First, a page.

Sunday, May 19, 2024

Ombudsman claims NZDF failures undermined investigation

The Chief Ombudsman says failures by the New Zealand Defence Force (NZDF) to share all crucial information had a major impact on his ability to fully investigate Operation Burnham complaints and undermined the fundamental purposes of the OIA.

Peter Boshier has just released the findings of his investigation into whether he was misled by NZDF when he investigated complaints about its refusal to release information related to Operation Burnham.

“While there was no evidence that the NZDF deliberately misled me, I believe a combination of circumstances including its very poor record keeping and inadequate processes meant I simply didn’t have all the facts,” Mr Boshier says.

“This serious information gap undermined my initial investigation and meant the NZDF avoided being accountable.

“It is crucial that agencies give me a balanced and complete picture when I am investigating, especially on topics like New Zealand’s security and international relations. This includes putting effective processes in place to record, retrieve and consider information.”

Chief Ombudsman, Peter Boshier.

The Chief Ombudsman reiterated that his job is to make sure the OIA operates effectively as intended by Parliament.

“This is a key constitutional measure and a cornerstone of our democracy. I cannot allow it to be undermined, either deliberately or inadvertently by an agency,” he said.

“A case of this nature also has an impact on the effective operation of the OIA generally, and harms the ability of the Ombudsman, as an Officer of Parliament, to provide effective review and remedy for aggrieved requesters. It also harms the perception of New Zealand as one of the most transparent countries in the world. It follows I will closely investigate any such allegations, as I did here.”

Mr Boshier first investigated the case in 2018 following complaints from a number of people who were unhappy with the NZDF’s decision not to release material under the Official Information Act that related to claims made in the Nicky Hager and Jon Stephenson book, Hit and Run, about New Zealand’s Special Air Service’s involvement in a 2010 Operation in Afghanistan.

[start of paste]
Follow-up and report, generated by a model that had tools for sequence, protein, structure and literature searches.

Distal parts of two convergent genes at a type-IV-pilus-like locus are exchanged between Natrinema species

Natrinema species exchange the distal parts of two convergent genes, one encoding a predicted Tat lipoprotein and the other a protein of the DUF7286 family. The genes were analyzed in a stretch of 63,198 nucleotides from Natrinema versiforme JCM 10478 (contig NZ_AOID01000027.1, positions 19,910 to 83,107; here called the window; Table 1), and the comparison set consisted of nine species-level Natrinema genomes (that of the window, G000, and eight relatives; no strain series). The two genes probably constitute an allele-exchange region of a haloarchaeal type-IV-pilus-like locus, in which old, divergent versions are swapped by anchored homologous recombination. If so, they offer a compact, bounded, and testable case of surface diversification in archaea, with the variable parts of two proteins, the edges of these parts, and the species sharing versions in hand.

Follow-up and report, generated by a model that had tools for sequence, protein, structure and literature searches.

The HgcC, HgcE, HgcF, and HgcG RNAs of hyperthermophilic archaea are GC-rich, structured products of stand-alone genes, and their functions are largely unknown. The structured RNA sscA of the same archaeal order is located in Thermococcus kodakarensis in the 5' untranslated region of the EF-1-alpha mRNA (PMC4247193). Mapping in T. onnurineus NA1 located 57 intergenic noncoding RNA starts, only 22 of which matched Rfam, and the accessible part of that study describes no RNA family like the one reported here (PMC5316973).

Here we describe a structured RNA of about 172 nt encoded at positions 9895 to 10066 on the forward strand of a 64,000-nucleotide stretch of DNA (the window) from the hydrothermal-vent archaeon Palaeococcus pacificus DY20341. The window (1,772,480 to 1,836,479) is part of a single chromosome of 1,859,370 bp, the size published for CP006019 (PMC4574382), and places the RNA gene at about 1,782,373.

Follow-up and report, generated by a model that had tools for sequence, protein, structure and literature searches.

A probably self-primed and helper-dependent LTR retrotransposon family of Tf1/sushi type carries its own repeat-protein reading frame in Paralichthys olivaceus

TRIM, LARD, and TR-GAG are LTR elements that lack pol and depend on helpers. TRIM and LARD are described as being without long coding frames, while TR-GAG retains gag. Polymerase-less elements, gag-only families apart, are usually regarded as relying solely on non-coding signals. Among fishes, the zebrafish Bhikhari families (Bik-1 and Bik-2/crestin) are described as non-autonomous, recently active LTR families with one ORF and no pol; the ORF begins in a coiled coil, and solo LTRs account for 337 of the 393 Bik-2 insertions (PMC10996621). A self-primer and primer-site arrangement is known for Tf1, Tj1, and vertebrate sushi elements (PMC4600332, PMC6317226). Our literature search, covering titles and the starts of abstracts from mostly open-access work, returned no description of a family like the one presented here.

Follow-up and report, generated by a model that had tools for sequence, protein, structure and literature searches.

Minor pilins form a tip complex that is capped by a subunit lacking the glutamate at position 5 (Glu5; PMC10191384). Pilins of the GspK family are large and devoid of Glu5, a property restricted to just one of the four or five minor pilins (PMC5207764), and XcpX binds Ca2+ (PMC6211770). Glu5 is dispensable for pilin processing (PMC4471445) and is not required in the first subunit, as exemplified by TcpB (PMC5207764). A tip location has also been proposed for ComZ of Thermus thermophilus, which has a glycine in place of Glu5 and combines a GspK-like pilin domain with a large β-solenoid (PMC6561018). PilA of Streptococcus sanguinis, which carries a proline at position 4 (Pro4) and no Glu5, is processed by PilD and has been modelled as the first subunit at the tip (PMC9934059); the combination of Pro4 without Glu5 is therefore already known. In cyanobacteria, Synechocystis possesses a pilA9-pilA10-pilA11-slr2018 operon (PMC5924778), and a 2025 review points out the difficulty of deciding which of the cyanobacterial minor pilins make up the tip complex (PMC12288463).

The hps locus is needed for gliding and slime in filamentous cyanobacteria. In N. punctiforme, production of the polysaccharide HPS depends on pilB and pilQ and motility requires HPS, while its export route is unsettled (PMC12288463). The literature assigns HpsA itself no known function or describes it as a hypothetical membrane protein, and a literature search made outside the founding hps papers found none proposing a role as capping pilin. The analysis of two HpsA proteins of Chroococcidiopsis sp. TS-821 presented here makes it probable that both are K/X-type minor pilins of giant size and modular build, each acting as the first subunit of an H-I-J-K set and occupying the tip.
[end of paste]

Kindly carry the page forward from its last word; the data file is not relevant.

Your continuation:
The NZDF argued that releasing the information about Operation Burnham would seriously harm New Zealand’s international relations.

On the strength of the NZDF’s argument, the Ombudsman originally came to the view that most of the information was appropriately withheld and recommended that the NZDF release a summary.

However, the Ombudsman received another complaint after a large amount of information was declassified and publicly released during the government’s inquiry into Operation Burnham which reported back in 2020.

“I decided to initiate my own investigation into the actions of the NZDF when engaging with me as required by law, and I found that the evidence presented at the Burnham inquiry confirmed I wasn’t given access to all information relevant to the OIA requests in 2018. This included important documents relating to civilian casualties,” Mr Boshier says.

“In addition, the summary the NZDF released under the OIA was incomplete and significantly underplayed the nature and scope of Operation Burnham.

“My investigation also uncovered poor record-keeping practices and processes at the NZDF for retrieving information for OIA requests. This resulted in relevant information not being made available to me.

“It transpired that despite exhaustive efforts to locate all relevant documents, I didn’t receive everything I should have. Relevant material held elsewhere within Defence should have been provided. My investigation found that the defence force staff who were tasked with finding that information didn’t even know it existed and so didn’t ask for it. Incredibly, there were no formal ways of checking this.

“For all these reasons, I formed the opinion that the NZDF acted unreasonably in relation to my earlier OIA investigation.

“A fundamental purpose of the OIA is to promote the accountability of officials and ministers. NZDF’s response to the OIA investigation had the reverse effect, meaning the NZDF was unaccountable for the full extent of its actions until the Burnham Inquiry. This undermined the very purpose of the OIA.”

The Ombudsman did not make any recommendations as he was satisfied that a programme to improve information management systems and practices at the NZDF was underway.

Mr Boshier has requested a further update in six months on progress the NZDF has made on the recommendations of the Expert Review Group set up as a result of Operation Burnham, and implementing any improvements and changes which it highlights.

Read the full case note. 

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